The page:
The Bilberry (Vaccinium myrtillus) is a European low-growing shrub that belongs to the genus Vaccinium. It bears edible, nearly black, berries that are round and flat topped. Bilberries are also known by other English names like blaeberry, whortleberry, whinberry, winberry, windberry, wimberry, myrtle blueberry, and fraughan. Contrary to popular opinion the bilberry and the blueberry are not the same. The bilberry grows natively in Europe and the British Isles in the wild on acidic soils, while the blueberry, or the huckleberry, is native to the United States.
Bilberries have been used as a healthy food for centuries. These little fruits can be eaten fresh or made into juices, pies, or jams. In France and Italy the Bilberry is a popular flavouring for sorbets and other desserts. It's also used as a base for liqueurs. In Britain, Bilberry is often used as to flavour crepes, and in Vosges and the Massif Central bilberries tart is the traditional dessert.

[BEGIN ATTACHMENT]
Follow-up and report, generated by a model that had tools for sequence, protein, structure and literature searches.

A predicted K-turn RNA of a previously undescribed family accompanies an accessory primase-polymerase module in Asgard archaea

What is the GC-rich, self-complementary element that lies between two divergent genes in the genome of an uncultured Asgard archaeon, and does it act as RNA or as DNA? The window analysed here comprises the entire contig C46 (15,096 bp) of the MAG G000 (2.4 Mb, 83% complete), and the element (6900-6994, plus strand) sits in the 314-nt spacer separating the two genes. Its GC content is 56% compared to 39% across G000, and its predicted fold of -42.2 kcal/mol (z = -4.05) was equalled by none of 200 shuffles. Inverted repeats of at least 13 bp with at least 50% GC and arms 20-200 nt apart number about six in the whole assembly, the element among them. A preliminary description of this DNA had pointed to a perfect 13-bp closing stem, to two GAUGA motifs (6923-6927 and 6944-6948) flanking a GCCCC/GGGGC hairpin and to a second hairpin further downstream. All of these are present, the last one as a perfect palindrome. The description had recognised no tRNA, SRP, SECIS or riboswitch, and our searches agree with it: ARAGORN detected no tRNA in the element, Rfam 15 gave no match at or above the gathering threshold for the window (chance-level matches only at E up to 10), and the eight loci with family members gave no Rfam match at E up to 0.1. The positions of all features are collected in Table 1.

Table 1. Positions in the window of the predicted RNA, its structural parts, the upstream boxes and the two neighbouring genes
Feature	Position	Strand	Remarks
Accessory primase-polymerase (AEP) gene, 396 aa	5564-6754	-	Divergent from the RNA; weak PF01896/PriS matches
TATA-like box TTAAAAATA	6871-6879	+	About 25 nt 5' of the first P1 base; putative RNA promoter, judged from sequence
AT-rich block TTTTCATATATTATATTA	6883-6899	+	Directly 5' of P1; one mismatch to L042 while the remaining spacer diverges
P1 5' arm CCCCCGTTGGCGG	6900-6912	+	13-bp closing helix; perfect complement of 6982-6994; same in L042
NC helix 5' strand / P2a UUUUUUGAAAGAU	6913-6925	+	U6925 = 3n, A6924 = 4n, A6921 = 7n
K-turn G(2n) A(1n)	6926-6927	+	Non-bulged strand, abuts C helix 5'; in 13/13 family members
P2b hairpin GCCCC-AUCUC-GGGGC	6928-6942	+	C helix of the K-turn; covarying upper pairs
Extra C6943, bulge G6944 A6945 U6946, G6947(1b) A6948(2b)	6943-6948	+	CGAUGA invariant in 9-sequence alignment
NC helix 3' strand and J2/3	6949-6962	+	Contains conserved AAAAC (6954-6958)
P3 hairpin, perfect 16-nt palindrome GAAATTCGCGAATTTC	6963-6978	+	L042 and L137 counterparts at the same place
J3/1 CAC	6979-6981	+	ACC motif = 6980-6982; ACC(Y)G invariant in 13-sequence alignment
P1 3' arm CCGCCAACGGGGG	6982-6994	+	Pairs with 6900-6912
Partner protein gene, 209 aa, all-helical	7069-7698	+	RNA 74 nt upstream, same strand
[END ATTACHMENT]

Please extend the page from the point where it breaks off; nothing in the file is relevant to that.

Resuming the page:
Bilberry leaves have a leathery feel and tapered shaped. They are bright green with short stalks and turn into rosy reds and yellowish hues during the autumn. Bilberry leaves are a rich source of antioxidants and can be used to make herbal teas to help control free radicals in the body. They can be used in a tincture or encapsulated form, but should not be used with other anticoagulant drugs.
Like other herbal supplements, the use of the bilberry goes far back in time, with its first medicinal record dating as early as the beginning of the 16 century. British and US WWII RAF pilots claimed that bilberry jam in their diet was the secret to exceptional vision during night missions.
Bilberries today are recognized as a rich source of Vitamin C and flavonoids with antioxidant activity.